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Good advice, especially the bit about crunch. First time I contracted I let my accountant talk me into using their horrible spreadsheet. I couldn't make my self use it it was that bad and my accounts were a mess. Now my accountant (nimble jack) bundles freeagent (which when I looked into it was better than crunch and has an API) and keeping on top of things is much easier.

One additional thing: If you're married make sure your spouse is a director of the company as well (especially if they're not working). You can be hugely tax efficient in this manner and can extract nearly £80k per year from the company with no personal tax to pay (there will still be corporation tax to pay on profits).

Personally I prefer the 'human' accountant. I've been using an experienced accountant for many years, and continued on when I created the LTD. He also does my personal taxes, the PAYE etc. For the company, we 'share' a google spreadsheet that is very simple, I add my invoicing, expenses, and he uses that to do the VAT bits and PAYE. Very low overhead, and he's very cheap too -- he's also 1 mile away, so I go and sit down with him and chat about options etc if I feel like it.

There might be some pretty good small accountancy firms around that will cost a LOT less than these fancy online firms, so do check around locally, or asks for recommendations -- I think it's worth it.

What's cheap for an accountant? I'm paying about £800 per year for mine. I didn't really shop around as I had to set things up on short notice.

That'd be cheap for London. It's normal to pay 1k+ a year

Other recommendations of accountants with decent online systems would be greatly appreciated. My current ones (Nixon Williams) seem fairly good as accountants, but the spreadsheet based expenses (and having to use email to take dividends, check profit/loss, etc) are getting quite annoying, and they want to charge extra to use their registered address rather than my own, which leaves a bit of a bad taste when Crunch include this.

I have heard good things about Crunch's system but some mixed things about the quality of their advice and how pro-active they are - any other feedback on them or others?

The point about the registered address and fraud is a real one, someone I worked with had this happen to them - will Crunch act as the service address as well as the registered address?

I've used Crunch since I began contracting towards the end of 2009. So I was one of their early customers. I would say their software keeps getting better but their service as a whole has worsened as they've got bigger. That's not to say their service is bad, it's just not as good as it was when they had less than 100 customers. I've had a couple of instances in the past (around two years ago) where I've had to correct my account manager when he's told me something I've known to be wrong.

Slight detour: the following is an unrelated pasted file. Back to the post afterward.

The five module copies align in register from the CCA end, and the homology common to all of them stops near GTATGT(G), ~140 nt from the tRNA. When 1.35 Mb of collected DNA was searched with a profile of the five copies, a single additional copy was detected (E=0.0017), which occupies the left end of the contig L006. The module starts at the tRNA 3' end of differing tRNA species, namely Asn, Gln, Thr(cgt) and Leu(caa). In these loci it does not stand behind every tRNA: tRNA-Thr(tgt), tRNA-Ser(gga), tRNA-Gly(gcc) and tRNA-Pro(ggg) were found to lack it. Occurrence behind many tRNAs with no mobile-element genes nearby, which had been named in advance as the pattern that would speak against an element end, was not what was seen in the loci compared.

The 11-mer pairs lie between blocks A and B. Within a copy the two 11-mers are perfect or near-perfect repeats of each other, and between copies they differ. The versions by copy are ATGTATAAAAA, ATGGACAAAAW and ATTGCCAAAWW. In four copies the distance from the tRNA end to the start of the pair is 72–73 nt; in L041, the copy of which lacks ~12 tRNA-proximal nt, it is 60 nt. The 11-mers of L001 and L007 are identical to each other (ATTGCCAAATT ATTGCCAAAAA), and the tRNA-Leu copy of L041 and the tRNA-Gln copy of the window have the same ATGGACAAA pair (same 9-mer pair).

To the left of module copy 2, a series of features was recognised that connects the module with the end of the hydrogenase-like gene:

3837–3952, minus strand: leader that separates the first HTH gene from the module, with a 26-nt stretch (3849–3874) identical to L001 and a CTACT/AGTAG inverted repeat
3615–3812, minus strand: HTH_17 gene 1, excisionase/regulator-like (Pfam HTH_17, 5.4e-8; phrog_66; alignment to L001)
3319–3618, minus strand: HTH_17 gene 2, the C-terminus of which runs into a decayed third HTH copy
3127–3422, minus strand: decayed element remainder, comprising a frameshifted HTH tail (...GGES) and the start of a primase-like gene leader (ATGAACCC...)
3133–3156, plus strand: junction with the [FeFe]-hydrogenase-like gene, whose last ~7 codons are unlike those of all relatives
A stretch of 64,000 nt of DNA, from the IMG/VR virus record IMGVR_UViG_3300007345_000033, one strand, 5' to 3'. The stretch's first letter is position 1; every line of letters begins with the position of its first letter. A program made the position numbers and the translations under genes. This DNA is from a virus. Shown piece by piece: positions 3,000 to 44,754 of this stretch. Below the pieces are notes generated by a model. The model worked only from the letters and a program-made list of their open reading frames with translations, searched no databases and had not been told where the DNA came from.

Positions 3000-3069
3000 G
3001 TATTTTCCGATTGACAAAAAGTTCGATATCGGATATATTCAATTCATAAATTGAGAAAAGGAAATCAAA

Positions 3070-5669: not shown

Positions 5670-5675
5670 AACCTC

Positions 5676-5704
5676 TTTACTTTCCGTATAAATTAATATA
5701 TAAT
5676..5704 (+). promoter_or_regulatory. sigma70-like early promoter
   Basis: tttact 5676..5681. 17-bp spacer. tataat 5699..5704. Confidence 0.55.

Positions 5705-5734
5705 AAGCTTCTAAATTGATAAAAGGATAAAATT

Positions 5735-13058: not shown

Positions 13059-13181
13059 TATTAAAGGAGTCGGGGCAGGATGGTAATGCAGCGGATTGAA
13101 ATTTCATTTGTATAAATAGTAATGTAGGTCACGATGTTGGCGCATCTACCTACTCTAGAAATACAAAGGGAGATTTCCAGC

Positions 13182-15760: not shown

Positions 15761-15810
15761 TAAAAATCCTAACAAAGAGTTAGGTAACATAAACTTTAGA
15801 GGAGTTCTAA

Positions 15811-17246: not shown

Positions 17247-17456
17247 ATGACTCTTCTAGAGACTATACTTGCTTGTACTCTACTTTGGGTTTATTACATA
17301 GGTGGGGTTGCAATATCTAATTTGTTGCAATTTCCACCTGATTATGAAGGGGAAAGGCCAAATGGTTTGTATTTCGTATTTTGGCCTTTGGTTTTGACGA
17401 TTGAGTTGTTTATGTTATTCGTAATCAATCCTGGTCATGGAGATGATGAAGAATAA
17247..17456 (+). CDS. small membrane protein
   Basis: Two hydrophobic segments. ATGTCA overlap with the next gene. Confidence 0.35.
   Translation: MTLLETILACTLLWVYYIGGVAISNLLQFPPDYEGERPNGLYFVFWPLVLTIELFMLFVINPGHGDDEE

Having said that, just about everything is automated or part of their software now and I haven't had to speak to anyone there since last summer. Maybe their service hasn't gotten any worse, it's just become less personal.

I've been using NW for about three years now and am deeply ambivalent about them for similar reasons...

I'm unsure if you'll see this reply with the topic being quite old, but I found out today (via a Youtube ad, no less - well targeted, sort of!) that Nixon Williams now have an online portal, called Vantage: http://www.nixonwilliams.com/vantage - judging via the Wayback Machine, it has only been around since February this year.

If you speak to your account controller, they'll be able to set you up a dummy account to see if you like it - my understanding is that this would replace the monthly submissions of expenses and invoices, and give you a better real time view of your profit/loss, but you should still get the same level of service and attention paid to your account and it costs no extra. I'm still waiting for confirmation of all that (my worry being that I could make a mistake and it wouldn't get spotted, whereas it would with a monthly submission to a human) and for my account to be set up, so I can't comment any more on it, but it's definitely worth a look!

I use an accountant that is "Freeagent Compatible". I'd suggest having a look at the list on the Freeagent website (http://www.freeagent.com/).

Yep, having set consulting companies a couple of times now having something like Freeagent is invaluable. Getting a good accountant is important as well, after switching once I now use 3wisebears who I'd recommend.

If you split up, your spouse will take half the money in your business account with them if it's 50-50...

They would happen anyway as part of any divorce settlement and may get more if you have children.

Tax planning really should not be a reason to go contracting. You can get more money by moving to another permanent job elsewhere.

Valid reasons to me for going contracting would be to remain technical, to continue learning new technologies, to avoid permie politics and appraisals (which is why I contract)..

You probably wont be able to find a permanent job that pays as well as contract job, at the same skill levels.

If we ever split up, I'd give her at least half of my money to look after my children :-)

They don't need to be a director just a shareholder.

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